Archive for the ‘Music’ Category

Stone Resurrection

August 21, 2011

I Come to Praise, Not to Bury, the Last of the Incroyables
To what is left of my 1970s garage band, now a lounge act

Chilling roots. A competent Bodhisattva,
you describe Adonis at fifty-something.
Total ice. Incredible. Only genius
covers the Eagles.

String guitar, a salient old perspective
claims the high road. Holy of Holies, hear me.
Count your minions. Carry the sonic proxy
out of our future.

Crank your manic destiny, Haines and Tug Boat.
Slack becomes your adamant Dylan medley.
Larry Fix, your name is an astral 6 train.
Hail to the Fender.

Solid ghost, pretend to remind the gathered
ancients, hairless, vague, of the Minor 7.
None shall rise as few would dispute your glory,
Stone Resurrection.

Surrey down. Reveal to a static world how
angels wear your Dorian cherry hi-tops.
Call the game, O Surrealistic Pillow.
Surfeit the fallen.

Recited on stage to diners at the Perryville Inn, Perryville, NJ, August 19, 2011


Mardi Gras Sketches

February 8, 2010

(Ghost of the Quarter)

The gutterline across Lafitte’s is strung
with plastic banners for the Mardi Gras—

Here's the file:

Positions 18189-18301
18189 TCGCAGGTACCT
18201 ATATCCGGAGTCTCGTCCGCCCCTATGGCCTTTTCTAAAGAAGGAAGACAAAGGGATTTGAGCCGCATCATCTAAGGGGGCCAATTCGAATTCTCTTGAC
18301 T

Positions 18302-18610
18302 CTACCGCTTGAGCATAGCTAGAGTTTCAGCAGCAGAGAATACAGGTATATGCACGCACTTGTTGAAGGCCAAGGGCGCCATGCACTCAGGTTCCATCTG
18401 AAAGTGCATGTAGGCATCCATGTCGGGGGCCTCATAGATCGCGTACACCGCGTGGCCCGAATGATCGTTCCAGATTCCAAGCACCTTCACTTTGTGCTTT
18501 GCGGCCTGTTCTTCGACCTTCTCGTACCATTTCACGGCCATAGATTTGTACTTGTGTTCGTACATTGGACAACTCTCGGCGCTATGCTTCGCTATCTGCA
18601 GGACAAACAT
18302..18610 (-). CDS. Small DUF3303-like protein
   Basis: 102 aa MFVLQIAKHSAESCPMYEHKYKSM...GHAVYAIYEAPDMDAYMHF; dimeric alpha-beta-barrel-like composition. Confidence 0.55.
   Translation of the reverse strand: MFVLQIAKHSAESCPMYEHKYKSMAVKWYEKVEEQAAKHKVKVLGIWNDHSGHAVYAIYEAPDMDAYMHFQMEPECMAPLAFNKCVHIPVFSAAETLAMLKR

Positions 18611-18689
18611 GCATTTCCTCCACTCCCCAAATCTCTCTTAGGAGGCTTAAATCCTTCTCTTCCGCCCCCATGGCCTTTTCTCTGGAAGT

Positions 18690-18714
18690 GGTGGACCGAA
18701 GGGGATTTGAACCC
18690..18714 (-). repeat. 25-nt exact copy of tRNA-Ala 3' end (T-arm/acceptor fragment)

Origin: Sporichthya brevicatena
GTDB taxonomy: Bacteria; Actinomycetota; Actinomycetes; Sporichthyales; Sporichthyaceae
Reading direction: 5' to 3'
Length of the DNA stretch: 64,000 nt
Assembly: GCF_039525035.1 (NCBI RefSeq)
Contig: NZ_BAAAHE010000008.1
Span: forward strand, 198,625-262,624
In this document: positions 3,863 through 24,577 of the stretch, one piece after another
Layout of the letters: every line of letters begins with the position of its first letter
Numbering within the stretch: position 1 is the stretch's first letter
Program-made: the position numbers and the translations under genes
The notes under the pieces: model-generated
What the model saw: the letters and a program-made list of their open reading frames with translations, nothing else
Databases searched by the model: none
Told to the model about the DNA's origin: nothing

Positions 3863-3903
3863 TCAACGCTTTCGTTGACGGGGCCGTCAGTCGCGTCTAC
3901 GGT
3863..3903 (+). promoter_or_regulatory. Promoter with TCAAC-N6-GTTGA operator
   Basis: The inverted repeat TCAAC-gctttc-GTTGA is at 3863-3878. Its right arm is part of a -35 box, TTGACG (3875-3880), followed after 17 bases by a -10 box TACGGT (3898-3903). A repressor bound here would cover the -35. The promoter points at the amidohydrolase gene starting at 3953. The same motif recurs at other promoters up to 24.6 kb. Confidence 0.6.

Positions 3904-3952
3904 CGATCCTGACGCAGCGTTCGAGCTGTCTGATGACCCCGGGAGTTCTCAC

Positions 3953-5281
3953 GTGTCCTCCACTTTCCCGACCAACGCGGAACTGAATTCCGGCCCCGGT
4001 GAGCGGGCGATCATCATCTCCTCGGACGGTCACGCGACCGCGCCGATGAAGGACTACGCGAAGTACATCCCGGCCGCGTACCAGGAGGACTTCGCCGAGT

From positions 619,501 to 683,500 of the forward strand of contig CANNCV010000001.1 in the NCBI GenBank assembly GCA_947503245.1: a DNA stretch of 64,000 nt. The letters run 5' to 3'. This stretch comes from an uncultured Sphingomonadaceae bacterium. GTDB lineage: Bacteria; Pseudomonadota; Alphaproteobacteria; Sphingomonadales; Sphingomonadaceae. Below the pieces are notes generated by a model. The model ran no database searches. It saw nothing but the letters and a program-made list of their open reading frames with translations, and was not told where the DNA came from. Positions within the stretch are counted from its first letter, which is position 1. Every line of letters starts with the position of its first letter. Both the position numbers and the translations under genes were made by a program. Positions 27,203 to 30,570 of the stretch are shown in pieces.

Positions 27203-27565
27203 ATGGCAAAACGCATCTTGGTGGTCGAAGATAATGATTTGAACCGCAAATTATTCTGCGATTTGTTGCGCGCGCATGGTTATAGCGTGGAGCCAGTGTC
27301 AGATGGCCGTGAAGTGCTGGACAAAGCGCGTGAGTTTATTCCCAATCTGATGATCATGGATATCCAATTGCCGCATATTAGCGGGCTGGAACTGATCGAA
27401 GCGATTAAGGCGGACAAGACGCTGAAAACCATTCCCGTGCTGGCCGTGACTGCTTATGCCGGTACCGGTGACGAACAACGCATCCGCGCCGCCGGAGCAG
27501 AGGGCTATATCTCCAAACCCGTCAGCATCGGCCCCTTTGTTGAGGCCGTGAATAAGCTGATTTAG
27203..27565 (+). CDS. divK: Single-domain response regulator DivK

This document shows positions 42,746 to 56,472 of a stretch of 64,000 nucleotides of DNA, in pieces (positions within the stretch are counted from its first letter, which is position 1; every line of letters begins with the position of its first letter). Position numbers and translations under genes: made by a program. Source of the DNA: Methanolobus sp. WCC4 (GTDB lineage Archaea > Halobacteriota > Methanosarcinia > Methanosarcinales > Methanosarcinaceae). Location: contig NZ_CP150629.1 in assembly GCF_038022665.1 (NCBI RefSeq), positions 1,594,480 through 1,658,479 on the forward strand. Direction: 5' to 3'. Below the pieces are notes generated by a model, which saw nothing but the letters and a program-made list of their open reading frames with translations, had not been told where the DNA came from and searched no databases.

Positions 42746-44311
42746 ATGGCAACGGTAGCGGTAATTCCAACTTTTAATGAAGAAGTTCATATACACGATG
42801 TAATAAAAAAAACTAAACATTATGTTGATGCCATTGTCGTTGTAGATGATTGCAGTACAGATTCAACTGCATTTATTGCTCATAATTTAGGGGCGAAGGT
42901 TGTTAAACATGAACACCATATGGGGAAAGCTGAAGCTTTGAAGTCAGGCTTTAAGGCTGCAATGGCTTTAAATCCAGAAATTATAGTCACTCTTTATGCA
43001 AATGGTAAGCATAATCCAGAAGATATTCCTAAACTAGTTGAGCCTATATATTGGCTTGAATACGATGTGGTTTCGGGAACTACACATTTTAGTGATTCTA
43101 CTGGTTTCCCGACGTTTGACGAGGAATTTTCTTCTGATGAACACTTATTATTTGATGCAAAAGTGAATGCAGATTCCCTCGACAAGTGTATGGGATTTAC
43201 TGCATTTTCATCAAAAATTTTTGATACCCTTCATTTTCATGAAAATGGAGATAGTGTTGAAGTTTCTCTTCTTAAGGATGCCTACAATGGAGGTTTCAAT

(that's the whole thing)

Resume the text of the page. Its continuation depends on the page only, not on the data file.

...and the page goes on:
the colors of the King Cake, purple hung
by gold and green—the quintessential trois
couleurs. It’s bunting for the old parade
on Bourbon and St. Philip in the Quarter.
Tip the Pleasure Club for Social Aid,
we’re leaning into the shadow, bricks and mortar,

where on the jukebox, Richard Manuel
complains about the sorry shape he’s in.
That rumble in the alley. What the hell—
it’s save your neck or save your brother’s skin
and call a number for the second line.
Let’s say we resurrect Evangeline.

(Roll and Walk)

I met some solid Catholics at St. Ray’s
on Friday morning. In from Washington
(the State), they drove me to a yellow shotgun
out in St. Bernard’s (the Parish). Days
and days (a year or three) of work and real prayer
got this palace studded-up for walls,
and so we screwed the gypsum down the halls—
your typical two-family with a wheelchair.

At lunch, a guy called Tom who didn’t talk
a lot began to juggle hammers, not
that he was any good. A nervous tic.
a little extra energy. It got
the neighborhood’s attention. Roll and walk,
your harder kids looked sideways at this trick.


I lose the echo of accordion
amidst the vials of absinthe on the bar,
the spyboy calls and lamplight denouement…
“Prepare yourself for Krewe Endymion!”
(or Continental Airlines in the morning)
…and focus on an antique silver bowl,
the cubes that burn, suspended, to the toll
of spoon on glass. Their bluish glow a warning,

now they flare and melt into a liquor
green, a scene insidiously steeped
in Degasesque demise. L’enfer, despair,
temptation. Like the wisp of flame that leaped
through blackness to the match at my cigar
expiring as I cross to Frenchman Square.

Happy Epistrophy

January 6, 2010

Young Girl in a Suburban Café

December 4, 2009

Marcie plays guitar and sings off key
or listens to the Velvet Underground
revivalists and sips an herbal tea
until her turn on-mic comes back around.
She’s luminescent, reaching to the length
of fingers spread across a rosewood board.
There’s stiffness in her rhythm but some strength